D.C., February 20, 2007 – In reviewing the "Livestock and Meat Marketing Study," just released by USDA's Grain Inspection, Packers and Stockyards Administration (GIPSA), the National Cattlemen's Beef Association (NCBA) says the report provides quantitative support for what NCBA members have known all along.
“In short, the report reveals that a market-driven system works,” says NCBA President and North Carolina cattle producer John Queen. “NCBA remains committed to protecting cattle producers' rights to market cattle the way they see fit, and will fight government attempts to restrict or direct producers' choices.”
The study was based on transactions representing more than 58 million cattle sold between October 2002 and March 2005. While the majority of cattle are marketed through traditional cash market means, the new study shows alternative marketing arrangements (AMAs) such as forward contracts, production contracts, packer ownership or custom feeding have provided benefits to some producers without harming the competitiveness of the marketplace.
“This study found that producers can market their livestock in different ways and see additional economic benefits––all while maintaining a strong a viable cash market,” explains NCBA Chief Economist Gregg Doud. “Proposals to ban packer ownership and limit cattle marketing options can sound very appealing on the surface, because we're all concerned about packer concentration and keeping the marketplace competitive. This study shows these restrictions can hurt the very people they are intended to protect.”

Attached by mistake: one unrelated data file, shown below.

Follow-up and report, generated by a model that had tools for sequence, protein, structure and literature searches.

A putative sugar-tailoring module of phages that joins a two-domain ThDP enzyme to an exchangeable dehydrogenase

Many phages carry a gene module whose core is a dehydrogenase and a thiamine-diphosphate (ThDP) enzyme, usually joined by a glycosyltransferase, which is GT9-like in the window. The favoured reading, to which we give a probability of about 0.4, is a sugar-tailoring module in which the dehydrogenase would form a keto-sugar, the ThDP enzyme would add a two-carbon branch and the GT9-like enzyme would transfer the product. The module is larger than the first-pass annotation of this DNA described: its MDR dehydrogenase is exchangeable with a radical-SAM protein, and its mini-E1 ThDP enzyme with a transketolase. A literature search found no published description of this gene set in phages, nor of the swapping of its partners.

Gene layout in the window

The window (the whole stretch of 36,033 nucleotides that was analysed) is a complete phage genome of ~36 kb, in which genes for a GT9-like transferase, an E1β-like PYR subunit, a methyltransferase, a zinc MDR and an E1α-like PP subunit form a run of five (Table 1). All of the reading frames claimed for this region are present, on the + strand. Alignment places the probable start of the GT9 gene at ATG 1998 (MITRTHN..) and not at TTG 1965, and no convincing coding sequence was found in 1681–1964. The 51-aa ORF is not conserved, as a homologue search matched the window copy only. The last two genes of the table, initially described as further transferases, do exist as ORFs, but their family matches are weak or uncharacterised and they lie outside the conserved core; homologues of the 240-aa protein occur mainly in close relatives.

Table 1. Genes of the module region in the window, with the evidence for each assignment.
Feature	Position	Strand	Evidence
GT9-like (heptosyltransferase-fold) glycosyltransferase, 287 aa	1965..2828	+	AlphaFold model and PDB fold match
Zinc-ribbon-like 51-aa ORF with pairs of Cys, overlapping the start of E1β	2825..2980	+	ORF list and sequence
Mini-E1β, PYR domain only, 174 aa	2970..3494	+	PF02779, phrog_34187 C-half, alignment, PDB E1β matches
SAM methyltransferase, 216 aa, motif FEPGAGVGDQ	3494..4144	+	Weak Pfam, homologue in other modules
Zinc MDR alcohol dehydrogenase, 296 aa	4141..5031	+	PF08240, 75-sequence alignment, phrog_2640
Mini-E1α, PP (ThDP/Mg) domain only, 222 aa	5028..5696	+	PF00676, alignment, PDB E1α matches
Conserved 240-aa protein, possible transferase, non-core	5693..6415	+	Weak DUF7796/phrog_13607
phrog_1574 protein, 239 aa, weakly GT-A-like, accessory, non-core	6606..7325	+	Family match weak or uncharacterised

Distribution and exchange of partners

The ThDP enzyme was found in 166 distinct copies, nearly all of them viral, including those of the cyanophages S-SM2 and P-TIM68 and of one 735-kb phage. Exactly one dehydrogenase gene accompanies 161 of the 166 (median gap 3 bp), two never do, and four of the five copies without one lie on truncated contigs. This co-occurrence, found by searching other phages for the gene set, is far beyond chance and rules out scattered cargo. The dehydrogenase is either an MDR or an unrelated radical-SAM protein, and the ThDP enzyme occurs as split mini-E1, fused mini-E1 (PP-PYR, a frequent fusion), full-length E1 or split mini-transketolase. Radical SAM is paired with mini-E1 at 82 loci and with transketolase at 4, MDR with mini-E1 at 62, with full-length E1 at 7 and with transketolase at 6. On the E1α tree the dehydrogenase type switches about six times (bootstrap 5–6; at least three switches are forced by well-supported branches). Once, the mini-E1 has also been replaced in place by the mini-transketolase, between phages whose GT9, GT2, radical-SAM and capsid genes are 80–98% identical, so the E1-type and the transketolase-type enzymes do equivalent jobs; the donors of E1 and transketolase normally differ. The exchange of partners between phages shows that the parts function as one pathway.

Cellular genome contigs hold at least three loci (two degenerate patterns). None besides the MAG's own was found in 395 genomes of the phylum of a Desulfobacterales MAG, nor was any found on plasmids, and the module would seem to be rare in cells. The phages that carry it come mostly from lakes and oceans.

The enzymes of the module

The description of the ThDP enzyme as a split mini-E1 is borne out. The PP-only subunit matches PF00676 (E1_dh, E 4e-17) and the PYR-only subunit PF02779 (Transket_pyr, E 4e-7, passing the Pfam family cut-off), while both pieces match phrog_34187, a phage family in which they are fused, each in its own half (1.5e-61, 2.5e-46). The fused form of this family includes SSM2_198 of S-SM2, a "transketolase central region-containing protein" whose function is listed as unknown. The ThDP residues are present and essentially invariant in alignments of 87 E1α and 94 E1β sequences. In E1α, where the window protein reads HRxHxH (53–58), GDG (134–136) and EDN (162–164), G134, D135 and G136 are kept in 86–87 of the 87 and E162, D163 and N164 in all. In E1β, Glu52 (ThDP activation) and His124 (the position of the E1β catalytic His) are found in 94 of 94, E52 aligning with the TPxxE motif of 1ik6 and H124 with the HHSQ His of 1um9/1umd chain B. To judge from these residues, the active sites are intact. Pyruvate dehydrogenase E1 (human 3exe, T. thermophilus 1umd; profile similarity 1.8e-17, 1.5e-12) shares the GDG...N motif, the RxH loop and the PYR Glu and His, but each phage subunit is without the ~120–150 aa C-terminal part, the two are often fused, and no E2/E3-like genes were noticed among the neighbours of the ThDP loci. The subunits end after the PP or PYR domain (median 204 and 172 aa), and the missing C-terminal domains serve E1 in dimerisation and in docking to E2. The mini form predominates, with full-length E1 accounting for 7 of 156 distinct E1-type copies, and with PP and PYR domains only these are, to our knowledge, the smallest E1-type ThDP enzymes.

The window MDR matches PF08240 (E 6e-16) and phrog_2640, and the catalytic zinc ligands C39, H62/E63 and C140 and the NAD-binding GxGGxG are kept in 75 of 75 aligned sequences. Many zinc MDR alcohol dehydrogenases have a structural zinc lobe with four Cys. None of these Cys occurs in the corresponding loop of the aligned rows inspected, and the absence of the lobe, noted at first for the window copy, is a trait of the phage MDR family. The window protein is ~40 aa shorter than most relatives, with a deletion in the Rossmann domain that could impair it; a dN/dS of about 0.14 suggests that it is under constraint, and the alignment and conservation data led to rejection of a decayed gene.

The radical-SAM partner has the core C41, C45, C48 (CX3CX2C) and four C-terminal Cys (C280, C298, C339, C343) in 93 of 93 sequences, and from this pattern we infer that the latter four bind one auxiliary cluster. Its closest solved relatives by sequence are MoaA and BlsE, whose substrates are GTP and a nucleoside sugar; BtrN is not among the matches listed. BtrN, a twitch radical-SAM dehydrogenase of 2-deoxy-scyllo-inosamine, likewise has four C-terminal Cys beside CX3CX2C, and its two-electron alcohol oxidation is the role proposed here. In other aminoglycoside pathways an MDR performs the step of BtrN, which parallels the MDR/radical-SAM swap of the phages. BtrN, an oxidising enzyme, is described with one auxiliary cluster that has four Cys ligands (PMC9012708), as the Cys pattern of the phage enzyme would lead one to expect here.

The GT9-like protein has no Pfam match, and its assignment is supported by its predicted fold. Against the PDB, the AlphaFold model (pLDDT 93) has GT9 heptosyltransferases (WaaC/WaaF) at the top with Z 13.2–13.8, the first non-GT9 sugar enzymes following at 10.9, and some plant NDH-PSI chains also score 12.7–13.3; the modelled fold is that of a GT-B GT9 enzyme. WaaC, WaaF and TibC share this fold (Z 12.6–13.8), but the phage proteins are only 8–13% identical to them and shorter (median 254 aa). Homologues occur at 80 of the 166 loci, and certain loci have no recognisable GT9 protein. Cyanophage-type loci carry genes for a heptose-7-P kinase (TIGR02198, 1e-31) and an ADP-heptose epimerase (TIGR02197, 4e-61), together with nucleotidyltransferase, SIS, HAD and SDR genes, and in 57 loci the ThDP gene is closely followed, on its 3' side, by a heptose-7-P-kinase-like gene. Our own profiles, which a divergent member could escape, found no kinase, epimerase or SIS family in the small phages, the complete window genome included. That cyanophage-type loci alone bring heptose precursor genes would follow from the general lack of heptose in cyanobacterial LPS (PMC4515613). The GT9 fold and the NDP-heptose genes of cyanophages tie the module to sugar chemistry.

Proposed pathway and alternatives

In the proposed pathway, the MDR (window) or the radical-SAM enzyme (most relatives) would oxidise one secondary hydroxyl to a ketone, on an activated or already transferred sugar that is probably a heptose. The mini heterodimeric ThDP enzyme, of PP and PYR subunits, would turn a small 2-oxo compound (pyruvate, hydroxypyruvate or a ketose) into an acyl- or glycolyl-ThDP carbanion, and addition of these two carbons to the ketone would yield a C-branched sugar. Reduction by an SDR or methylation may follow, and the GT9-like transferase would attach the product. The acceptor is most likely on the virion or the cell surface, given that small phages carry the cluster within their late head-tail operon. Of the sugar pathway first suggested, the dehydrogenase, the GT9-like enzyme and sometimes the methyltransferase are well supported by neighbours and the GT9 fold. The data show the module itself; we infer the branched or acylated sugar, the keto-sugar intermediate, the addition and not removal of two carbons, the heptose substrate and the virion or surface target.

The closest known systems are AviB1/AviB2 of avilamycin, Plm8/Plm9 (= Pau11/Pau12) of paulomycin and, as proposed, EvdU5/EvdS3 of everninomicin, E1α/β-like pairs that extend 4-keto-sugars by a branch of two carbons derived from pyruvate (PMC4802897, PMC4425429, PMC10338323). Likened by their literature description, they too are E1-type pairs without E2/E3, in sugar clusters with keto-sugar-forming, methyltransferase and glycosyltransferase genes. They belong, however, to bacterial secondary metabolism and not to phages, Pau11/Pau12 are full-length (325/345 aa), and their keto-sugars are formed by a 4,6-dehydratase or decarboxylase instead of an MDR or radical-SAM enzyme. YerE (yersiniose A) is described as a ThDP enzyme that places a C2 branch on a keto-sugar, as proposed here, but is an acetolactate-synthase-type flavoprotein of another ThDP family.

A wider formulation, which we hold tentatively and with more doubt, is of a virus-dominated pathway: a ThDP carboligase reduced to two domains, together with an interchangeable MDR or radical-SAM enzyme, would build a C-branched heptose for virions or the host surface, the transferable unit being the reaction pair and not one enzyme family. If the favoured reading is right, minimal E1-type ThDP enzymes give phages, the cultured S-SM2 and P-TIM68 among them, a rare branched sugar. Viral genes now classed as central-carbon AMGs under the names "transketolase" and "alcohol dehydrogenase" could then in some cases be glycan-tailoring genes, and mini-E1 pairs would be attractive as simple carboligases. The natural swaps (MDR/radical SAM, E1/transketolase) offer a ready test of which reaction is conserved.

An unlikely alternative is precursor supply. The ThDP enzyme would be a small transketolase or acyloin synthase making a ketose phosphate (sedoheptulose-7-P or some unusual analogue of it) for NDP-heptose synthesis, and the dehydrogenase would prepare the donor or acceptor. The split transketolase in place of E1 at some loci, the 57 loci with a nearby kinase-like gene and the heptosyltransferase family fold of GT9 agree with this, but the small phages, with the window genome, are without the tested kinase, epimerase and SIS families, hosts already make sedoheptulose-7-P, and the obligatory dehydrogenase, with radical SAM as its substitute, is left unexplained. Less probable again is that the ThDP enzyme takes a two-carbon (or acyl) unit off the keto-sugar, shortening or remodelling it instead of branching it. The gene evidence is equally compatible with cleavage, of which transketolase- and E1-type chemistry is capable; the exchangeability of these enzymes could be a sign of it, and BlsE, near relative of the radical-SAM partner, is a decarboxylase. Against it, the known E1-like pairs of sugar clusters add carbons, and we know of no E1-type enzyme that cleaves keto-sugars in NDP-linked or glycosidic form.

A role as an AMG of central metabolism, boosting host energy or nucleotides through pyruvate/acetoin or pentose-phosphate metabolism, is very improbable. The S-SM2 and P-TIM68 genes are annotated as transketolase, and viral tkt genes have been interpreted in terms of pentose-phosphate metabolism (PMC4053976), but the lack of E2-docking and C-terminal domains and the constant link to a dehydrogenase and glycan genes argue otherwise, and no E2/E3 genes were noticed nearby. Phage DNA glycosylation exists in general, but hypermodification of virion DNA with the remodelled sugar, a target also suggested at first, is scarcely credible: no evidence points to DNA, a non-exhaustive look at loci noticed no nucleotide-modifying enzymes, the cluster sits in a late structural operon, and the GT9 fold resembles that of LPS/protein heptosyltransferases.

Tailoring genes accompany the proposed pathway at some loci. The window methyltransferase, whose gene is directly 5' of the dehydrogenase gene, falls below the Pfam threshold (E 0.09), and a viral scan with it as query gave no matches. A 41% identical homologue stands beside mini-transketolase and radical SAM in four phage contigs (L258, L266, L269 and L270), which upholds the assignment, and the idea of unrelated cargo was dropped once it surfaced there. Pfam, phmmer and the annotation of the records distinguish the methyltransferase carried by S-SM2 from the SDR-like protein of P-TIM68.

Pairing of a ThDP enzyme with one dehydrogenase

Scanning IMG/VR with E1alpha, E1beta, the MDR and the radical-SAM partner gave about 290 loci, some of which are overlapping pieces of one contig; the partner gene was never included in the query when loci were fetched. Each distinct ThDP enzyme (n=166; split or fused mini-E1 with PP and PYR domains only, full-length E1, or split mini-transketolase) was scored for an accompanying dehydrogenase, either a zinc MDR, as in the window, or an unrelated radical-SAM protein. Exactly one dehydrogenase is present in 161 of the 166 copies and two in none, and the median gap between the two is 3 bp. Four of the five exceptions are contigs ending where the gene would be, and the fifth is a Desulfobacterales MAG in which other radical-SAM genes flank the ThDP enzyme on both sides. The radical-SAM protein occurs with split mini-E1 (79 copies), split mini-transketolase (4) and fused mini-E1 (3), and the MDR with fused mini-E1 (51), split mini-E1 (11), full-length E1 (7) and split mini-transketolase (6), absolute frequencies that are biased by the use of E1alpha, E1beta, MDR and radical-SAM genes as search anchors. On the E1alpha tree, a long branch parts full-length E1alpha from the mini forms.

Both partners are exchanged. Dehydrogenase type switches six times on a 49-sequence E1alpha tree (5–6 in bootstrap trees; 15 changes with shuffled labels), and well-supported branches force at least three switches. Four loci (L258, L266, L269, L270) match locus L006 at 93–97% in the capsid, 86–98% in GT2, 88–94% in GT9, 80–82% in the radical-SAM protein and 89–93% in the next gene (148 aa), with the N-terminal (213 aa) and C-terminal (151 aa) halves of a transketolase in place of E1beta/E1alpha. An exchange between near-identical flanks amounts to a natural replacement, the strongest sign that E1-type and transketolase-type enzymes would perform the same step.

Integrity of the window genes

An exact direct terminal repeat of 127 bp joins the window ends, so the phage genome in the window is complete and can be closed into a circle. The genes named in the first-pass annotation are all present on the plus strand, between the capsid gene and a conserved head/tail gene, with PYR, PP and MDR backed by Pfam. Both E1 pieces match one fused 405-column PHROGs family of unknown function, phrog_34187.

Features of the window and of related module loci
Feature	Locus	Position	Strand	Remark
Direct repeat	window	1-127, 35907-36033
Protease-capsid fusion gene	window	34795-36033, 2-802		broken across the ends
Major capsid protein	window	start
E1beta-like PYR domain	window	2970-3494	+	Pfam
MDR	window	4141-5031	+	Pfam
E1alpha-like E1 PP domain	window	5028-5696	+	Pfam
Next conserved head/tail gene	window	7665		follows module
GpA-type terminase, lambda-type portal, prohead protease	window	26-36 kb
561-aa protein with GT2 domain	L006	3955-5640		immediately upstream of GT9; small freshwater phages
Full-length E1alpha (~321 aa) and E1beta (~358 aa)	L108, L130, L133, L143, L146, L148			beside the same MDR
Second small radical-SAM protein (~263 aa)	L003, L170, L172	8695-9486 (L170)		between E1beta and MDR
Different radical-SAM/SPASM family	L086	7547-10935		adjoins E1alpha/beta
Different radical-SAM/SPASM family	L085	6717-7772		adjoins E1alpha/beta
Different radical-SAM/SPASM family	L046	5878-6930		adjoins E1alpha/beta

Sixty-two percent of the fed cattle traded in the study were essentially cash or spot market traded cattle, while 38 percent were marketed through various AMAs. According to the study, only 5 percent of the cattle were owned directly by packers, a number closely watched by the industry.
“In today's marketplace, producers need the freedom and flexibility to market their cattle in ways that provide the best return on their investment,” says Doud. “It's about the producer's bottom line.”
“During debate of the 2002 Farm Bill, concerns from producers about packer concentration led NCBA members to ask Congress to study the livestock and meat marketing complex,” explains Queen. “In 2003, Congress authorized $4.5 million to conduct an independent study of the livestock and meat marketing complex and provide a report that would be the definitive answer on this issue.”
The consensus of producers surveyed for this study was that using alternative marketing arrangements gave many the ability to buy and sell higher quality cattle, improve supply management, and obtain better prices.
“Alternative marketing arrangements allow producers to manage risk,” says Doud. “These marketing arrangements are just one way to market cattle - the report reinforces the fact that cash or spot market transactions are extremely important to our industry.”
The study concludes that reducing or eliminating the use of alternative marketing arrangements would result in economic losses for both cattle producers and beef consumers.
The interim and final reports, including peer reviewers' comments and additional information about the study, are available on GIPSA's website at www.gipsa.usda.gov.